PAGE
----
Lake Nakuru National Park is world famous for, and was created to protect its stunning flocks of lesser flamingo, which literally turn its shores pink.
Its bird life is rich; a beacon for leading ornithologists, scientists and wildlife filmmakers.
The park spans an attractive range of wooded and bush grassland around the lake, offering a wide ecological diversity, from lake water, woodland to rocky escarpments and ridges.
The park was established in 1961 and started off very small, only encompassing the famous lake and the immediate mountainous area. It now includes a substantial part of the savannahs.
It is located close to the town of Nakuru, which means 'Dust or Dusty Place' in Maa, the Maasai language.
Notable game within the lake includes the hippo and clawless otters. On the shores roam waterbuck, Bohor's reedbuck and zebra.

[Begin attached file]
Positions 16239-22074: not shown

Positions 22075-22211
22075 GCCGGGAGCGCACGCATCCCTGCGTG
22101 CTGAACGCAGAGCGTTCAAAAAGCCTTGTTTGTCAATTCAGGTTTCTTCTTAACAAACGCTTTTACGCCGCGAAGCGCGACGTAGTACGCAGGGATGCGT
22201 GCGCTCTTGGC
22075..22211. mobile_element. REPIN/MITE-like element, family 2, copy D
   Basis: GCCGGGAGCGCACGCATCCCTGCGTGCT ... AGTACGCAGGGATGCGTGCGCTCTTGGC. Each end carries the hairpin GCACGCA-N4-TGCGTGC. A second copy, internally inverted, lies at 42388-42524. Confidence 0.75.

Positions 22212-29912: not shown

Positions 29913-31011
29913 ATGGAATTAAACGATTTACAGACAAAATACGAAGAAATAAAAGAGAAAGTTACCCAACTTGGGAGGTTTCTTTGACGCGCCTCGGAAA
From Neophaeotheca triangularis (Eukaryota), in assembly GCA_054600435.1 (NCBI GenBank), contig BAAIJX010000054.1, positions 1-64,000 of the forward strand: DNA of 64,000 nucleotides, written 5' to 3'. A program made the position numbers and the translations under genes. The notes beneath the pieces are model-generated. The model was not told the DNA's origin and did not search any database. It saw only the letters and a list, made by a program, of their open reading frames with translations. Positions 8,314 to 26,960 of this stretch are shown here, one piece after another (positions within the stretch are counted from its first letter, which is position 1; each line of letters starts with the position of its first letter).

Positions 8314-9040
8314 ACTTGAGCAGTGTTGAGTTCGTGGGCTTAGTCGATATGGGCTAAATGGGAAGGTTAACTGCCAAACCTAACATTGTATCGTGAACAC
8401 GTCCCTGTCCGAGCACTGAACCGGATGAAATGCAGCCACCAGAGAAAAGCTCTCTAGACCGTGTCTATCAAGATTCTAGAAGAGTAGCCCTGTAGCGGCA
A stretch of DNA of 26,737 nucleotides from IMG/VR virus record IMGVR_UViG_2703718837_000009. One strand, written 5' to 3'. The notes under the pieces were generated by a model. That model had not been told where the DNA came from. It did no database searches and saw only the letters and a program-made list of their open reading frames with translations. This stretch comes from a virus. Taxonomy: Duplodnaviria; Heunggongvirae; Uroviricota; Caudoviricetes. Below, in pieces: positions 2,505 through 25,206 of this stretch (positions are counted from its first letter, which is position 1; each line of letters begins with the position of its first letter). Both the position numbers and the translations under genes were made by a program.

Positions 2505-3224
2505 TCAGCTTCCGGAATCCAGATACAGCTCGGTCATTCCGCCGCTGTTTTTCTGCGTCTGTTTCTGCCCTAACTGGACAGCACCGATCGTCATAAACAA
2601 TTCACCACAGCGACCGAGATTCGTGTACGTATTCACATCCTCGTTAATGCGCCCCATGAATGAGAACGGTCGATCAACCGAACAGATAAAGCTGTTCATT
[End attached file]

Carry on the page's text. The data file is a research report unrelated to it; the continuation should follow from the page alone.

The woodlands and forest are now home to both black and white rhino. In 1987, only two black rhino remained following devastation by poachers. By creating a rhino sanctuary within the Park and reintroducing a breeding herd from Laikipia, KWS has now successfully re-established rhino in the park.
Game viewing is relatively easy: buffalo, leopard, lion, rothschild's giraffe, white and black colobus monkey are in plenty.
The bush lands offer eland, steinbok, impala, Chandler's reedbuck and dik dik, whilst rock hyrax and klipspringer occupy the cliffs and escarpment.
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